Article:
Charity helps physiotherapy develop in Malawi

Three students in the south eastern African country of Malawi are set to graduate as physiotherapists, thanks to a pioneering scholarship scheme.

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Patients waiting outside Kamuzu Central Hospital, Malawi

UK charity Medic to Medic was set up in 2007 to support the education of health workers in Malawi. It provides scholarships for students to graduate in the country as doctors, physiotherapists, pharmacists and nurses.

The first physiotherapy course in the country started at the University of Malawi’s College of Medicine in Blantyre in 2010.

Medic to Medic director Tamsin Lillie said: ‘Prior to the course starting there were just 34 physiotherapists in the whole country, all of whom had trained outside Malawi.’

‘This November the second cohort of physiotherapists are graduating from the course and in a few short years, the total number of physiotherapists in the country will have doubled.’

CSP international adviser Birgit Mueller-Winkler told Frontline: ‘I think it is great to see models like this. Educating people locally rather than having to rely on non-governmental organisations sending physiotherapists from abroad is much more sustainable.

‘It also is a good way to reduce brain drain, as there is no need for young people to leave the country to train as physiotherapists.’

Accelerating development

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Physio graduate Thomas Mafunga working on a ward at Kamuzu Central Hospital in Malawi

Medic to Medic gives scholarships to students with academic potential who are struggling to pay their tuition fees and are at risk of dropping out of their education.

The physios graduating this year are Memory Austin, Temweka Devwe and Thomas Mafunga.

Mr Mafunga said: ‘Training in Malawi has given me good exposure to lots of varied conditions and diseases, which has helped develop my clinical practice. It has also inspired me and I have developed a great passion for the profession.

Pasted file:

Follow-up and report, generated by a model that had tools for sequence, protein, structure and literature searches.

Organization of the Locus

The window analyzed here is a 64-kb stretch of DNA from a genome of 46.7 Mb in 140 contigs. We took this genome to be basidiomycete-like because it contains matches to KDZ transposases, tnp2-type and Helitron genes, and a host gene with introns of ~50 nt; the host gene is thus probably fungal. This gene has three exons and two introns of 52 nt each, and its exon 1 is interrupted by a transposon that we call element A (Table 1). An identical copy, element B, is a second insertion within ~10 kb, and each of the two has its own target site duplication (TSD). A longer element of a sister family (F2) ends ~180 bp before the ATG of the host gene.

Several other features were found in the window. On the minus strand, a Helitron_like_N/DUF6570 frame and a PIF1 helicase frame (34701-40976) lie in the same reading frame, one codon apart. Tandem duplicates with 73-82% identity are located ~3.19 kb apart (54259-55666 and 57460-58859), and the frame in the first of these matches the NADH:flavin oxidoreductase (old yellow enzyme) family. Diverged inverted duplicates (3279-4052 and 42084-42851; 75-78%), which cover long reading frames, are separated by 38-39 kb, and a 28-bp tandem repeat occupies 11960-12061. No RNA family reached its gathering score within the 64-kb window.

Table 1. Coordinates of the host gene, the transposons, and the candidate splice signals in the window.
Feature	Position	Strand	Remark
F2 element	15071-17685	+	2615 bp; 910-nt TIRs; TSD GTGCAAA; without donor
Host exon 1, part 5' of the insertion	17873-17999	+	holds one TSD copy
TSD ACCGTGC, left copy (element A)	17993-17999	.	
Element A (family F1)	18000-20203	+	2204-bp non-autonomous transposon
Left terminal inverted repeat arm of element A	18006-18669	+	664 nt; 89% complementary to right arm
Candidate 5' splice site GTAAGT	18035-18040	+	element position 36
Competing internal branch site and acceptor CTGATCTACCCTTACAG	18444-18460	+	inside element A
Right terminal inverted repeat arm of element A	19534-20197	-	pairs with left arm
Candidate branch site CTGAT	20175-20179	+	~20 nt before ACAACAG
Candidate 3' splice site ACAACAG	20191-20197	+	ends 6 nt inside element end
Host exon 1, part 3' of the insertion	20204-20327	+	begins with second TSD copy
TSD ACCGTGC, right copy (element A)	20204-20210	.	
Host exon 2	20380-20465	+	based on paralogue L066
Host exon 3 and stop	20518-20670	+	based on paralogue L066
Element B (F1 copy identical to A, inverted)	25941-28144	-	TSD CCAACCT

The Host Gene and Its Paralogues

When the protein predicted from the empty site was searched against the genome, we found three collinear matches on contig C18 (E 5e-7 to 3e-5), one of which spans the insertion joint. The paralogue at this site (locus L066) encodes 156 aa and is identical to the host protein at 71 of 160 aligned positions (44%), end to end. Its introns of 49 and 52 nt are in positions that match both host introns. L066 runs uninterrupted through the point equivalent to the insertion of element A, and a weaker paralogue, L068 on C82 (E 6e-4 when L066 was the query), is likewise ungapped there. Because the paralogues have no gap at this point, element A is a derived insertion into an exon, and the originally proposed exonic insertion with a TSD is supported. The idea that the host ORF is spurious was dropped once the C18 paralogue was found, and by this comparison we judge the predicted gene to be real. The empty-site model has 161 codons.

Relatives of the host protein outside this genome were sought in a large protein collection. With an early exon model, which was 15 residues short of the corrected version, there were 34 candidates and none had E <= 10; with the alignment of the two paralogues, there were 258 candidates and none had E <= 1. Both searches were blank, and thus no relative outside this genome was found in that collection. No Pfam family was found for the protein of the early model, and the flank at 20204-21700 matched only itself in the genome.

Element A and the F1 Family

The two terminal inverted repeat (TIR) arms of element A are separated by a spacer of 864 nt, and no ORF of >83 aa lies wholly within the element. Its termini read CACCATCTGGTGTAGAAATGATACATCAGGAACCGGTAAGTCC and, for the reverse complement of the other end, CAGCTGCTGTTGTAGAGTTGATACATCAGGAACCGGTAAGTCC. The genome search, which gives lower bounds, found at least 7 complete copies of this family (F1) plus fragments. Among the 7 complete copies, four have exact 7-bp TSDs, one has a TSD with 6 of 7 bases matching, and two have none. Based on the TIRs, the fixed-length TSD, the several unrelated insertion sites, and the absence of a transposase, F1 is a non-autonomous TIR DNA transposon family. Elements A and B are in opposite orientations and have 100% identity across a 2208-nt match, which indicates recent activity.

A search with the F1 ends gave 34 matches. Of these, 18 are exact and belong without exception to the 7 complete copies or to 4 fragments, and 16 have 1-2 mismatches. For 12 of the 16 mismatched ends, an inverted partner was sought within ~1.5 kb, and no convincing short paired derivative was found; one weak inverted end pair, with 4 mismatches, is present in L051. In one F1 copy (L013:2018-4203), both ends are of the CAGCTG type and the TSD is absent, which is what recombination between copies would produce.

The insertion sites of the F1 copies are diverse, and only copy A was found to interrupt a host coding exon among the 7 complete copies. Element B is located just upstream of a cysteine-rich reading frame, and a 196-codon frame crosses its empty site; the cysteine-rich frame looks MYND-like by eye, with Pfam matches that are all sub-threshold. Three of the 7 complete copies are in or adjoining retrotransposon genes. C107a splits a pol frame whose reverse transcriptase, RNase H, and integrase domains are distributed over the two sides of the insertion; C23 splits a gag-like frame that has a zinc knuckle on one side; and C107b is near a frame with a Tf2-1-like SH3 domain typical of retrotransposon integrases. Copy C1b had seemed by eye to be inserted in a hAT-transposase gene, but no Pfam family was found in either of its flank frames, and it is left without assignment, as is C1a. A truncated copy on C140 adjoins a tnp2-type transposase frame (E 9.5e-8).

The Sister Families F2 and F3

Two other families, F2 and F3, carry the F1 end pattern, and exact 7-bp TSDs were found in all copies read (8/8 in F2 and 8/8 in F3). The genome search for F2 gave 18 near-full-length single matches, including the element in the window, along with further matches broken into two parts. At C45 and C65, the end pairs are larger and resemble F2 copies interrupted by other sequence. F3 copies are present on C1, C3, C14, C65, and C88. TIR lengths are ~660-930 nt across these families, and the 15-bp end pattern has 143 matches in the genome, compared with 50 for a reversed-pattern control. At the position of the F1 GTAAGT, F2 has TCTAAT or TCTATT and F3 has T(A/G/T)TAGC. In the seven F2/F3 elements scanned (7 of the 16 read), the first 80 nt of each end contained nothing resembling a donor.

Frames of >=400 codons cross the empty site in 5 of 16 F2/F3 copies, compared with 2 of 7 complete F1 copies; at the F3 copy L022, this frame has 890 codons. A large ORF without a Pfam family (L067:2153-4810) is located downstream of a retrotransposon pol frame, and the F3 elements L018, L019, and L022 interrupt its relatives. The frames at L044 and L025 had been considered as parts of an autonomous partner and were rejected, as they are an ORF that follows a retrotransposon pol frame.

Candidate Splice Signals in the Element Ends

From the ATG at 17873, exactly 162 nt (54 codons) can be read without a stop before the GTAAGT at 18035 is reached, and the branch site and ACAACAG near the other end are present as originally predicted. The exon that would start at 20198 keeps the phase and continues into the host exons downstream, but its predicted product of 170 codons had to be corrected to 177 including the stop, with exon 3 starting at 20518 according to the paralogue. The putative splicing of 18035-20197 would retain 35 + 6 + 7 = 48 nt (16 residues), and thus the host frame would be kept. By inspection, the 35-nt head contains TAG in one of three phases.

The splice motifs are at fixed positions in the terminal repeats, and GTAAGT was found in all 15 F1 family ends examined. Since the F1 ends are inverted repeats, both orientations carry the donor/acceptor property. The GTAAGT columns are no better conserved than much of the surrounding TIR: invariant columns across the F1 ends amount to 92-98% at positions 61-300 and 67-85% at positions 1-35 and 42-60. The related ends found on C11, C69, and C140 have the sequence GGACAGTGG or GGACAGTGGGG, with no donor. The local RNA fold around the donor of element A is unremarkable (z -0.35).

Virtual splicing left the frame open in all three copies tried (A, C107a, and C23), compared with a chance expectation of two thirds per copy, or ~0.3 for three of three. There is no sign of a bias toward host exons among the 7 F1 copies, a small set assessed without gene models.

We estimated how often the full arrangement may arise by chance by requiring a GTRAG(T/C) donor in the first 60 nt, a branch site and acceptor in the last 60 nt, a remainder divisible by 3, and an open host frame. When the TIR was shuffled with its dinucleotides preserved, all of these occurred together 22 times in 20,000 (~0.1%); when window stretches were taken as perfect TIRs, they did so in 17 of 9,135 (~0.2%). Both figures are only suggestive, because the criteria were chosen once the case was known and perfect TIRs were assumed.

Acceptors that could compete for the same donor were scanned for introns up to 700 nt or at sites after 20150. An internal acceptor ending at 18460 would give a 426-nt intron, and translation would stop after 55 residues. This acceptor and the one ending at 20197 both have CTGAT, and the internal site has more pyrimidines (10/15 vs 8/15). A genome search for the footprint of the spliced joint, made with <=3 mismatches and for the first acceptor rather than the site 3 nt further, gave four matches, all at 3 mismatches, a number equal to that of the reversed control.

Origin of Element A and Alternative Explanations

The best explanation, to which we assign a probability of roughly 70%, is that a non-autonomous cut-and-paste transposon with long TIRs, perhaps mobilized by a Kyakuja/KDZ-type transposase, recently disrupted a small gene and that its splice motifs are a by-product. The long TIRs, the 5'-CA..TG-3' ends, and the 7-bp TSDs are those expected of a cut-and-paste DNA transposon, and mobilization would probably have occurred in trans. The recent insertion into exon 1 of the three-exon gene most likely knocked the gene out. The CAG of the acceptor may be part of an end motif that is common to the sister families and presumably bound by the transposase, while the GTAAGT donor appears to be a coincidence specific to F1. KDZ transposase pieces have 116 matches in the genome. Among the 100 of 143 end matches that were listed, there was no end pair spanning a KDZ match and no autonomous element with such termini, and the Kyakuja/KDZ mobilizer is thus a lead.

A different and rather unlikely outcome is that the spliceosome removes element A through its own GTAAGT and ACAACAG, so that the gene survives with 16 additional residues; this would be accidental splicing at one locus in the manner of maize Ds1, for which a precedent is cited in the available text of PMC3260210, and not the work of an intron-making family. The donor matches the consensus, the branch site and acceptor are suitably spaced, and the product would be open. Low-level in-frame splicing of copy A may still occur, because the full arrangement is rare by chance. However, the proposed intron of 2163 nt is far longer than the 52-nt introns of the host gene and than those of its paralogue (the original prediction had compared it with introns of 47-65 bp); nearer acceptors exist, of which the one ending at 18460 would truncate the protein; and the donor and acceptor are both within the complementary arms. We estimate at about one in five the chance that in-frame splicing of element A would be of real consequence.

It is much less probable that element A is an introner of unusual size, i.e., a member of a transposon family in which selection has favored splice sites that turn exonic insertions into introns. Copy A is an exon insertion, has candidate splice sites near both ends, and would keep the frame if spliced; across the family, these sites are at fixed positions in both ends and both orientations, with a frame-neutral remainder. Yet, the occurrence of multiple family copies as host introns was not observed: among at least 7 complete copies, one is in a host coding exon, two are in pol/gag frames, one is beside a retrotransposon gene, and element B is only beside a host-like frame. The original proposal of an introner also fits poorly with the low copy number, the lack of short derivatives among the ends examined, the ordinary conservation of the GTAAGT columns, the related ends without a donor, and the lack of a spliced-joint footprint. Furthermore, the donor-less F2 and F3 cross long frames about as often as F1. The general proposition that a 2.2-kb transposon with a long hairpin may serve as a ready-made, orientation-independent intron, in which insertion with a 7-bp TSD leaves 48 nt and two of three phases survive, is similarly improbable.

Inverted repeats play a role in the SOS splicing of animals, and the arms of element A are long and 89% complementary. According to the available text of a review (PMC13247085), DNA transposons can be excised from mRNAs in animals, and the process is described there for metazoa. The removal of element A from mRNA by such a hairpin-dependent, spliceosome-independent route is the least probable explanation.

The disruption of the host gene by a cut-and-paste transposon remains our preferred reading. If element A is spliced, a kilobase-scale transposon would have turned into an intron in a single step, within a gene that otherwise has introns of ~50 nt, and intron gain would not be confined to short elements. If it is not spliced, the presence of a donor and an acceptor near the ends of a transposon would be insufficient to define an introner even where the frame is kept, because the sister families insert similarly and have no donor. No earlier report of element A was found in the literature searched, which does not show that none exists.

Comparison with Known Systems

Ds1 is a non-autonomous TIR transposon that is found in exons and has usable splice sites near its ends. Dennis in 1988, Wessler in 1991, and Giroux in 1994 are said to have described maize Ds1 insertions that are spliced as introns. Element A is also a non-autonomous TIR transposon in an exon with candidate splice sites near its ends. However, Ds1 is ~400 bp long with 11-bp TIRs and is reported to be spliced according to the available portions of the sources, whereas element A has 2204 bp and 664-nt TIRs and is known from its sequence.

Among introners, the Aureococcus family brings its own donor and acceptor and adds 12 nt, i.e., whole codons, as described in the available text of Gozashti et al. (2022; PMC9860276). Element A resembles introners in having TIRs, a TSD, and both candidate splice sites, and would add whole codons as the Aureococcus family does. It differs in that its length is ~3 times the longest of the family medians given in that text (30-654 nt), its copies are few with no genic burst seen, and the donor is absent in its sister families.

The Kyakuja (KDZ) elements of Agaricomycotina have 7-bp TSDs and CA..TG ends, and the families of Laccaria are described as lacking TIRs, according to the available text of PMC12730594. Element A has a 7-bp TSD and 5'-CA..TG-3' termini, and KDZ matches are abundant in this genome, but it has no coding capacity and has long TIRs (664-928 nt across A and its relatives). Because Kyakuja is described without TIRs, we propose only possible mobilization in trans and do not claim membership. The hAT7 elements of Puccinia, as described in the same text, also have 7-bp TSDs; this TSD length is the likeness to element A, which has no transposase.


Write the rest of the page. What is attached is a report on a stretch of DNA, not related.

‘Physiotherapy is very important in Malawi and benefits people by providing civic education to the communities on the preventable causes of disabilities as well as other diseases, providing treatment to different conditions and in so doing helping to prolong life and enhance individual ability. This will help to accelerate development in our country.’

After graduating Mr Mafunga intends to specialise in paediatric physiotherapy and study at PhD level.

Speaking about her future career aspirations fellow graduate Ms Devwe said: ‘My interest in physiotherapy is in paediatrics and I hope to specialise in that area in future. I want to work here in Malawi to serve my people and I hope to take part in developing other physiotherapists as a lecturer one day.’

Ms Lille added that: ‘Physiotherapy can have a great impact on restoring function and therefore reducing poverty in developing countries, but this is all dependent on such countries being able to train physiotherapists.’

Medic to Medic relies on regular donations. For more information, visit www.medictomedic.org.uk or email medictomedic@gmail.com

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by Robert Millett

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